Sprint Xohm Plans to Limit Bandwidth for Heavy Internet Usage
In Sprint Nextel's unveiling of its new Xohm WiMax service in Baltimore, it also revealed rules for using its service that one public interest group warns may prevent users from full and unfettered access to the Web.
At question is Sprint's Acceptable Use and Network Management Policy for its high-speed data network. In the usage policy statement, Sprint warns against usage that could "result in an excessive burden of system or network resources."
In those cases, "Xohm may use various tools and techniques designed to limit the bandwidth available for certain bandwidth intensive applications or protocols, such as file sharing," the company states.
Sound familiar? Didn't Comcast just get dinged by the Federal Communications Commission for deliberately slowing traffic of file-sharing application Bit Torrent?
Comcast is fighting that order in court and says now it won't target specific applications but will continue to manage its traffic.
Sprint's policy statement is pretty similar to those of other wireless carriers. But after the decision against Comcast last August and the evolution of wireless to more and more Internet services, Sprint's practice of managing its network traffic is coming under scrutiny.
Sprint said by managing traffic of heavy users, it helps the carrier provide better overall service for all its users.
But public interest group Free Press said Sprint's policy could go against the FCC's broadband policy statement which promotes open Internet access and prevents Internet service providers from intentionally slowing down service for use of certain applications - such as file-sharing applications. Moreover, Free Press wants to know exactly what kinds of tools and techniques it will use to monitor traffic.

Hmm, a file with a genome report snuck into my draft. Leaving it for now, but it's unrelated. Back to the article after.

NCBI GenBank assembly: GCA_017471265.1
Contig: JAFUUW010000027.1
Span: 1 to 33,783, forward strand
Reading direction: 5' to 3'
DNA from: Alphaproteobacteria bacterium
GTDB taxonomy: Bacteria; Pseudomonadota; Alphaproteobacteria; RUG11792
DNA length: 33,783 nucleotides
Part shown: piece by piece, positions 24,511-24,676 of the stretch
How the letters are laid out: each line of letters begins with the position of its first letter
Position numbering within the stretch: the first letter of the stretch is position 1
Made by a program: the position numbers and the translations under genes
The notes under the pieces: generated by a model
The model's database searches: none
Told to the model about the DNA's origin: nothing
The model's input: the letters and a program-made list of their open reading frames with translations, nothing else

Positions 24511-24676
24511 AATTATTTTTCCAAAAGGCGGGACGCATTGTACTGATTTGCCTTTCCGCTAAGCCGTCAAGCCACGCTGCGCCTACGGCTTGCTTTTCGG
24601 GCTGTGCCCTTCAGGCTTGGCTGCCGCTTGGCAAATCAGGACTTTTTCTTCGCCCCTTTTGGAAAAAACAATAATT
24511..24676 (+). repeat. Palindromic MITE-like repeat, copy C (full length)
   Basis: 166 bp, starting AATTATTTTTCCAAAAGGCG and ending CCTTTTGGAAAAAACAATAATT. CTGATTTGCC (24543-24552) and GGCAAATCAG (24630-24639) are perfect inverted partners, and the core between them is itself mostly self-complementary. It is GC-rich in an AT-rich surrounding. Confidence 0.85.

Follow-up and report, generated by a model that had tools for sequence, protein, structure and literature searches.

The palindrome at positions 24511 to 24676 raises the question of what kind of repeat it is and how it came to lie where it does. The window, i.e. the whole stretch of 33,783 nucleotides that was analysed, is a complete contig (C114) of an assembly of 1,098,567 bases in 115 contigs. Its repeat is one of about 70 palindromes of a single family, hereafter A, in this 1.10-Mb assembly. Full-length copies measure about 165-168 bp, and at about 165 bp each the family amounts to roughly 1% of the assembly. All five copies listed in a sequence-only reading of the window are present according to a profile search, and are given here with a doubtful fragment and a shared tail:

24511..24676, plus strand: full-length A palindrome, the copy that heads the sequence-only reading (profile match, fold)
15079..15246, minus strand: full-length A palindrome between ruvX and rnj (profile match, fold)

"We are very troubled by this development and the larger moves across the wireless industry to limit consumer access to the legal content and services of their choice," said Ben Scott, policy director of Free Press. "We hope that Sprint will quickly disclose exactly what tools and techniques it plans to use and demonstrate why it is necessary to maintain a closed network when consumers demand an open Internet."
September 29, 2008; 5:57 PM ET
Previous: The Download Returns; Google Goes to Washington | Next: Calif. to DOJ: Blocking the Goohoo Deal Could "Stifle" Innovation
Get This Widget >>
Blogs That Reference This Entry
TrackBack URL for this entry:
Please email us to report offensive comments.
Posted by: Matt | September 29, 2008 8:00 PM
Posted by: Phil W | September 29, 2008 8:18 PM
Posted by: Mike P | September 29, 2008 9:07 PM
Posted by: jayh | September 29, 2008 9:22 PM
Posted by: barley | September 29, 2008 9:33 PM
Posted by: tom | September 29, 2008 9:51 PM
Posted by: Chris Duncan | September 30, 2008 3:01 AM
Posted by: ron | September 30, 2008 5:52 AM
Posted by: Mike | September 30, 2008 7:57 AM
Posted by: Keith | September 30, 2008 8:18 AM
Posted by: Dan | September 30, 2008 2:52 PM
The comments to this entry are closed.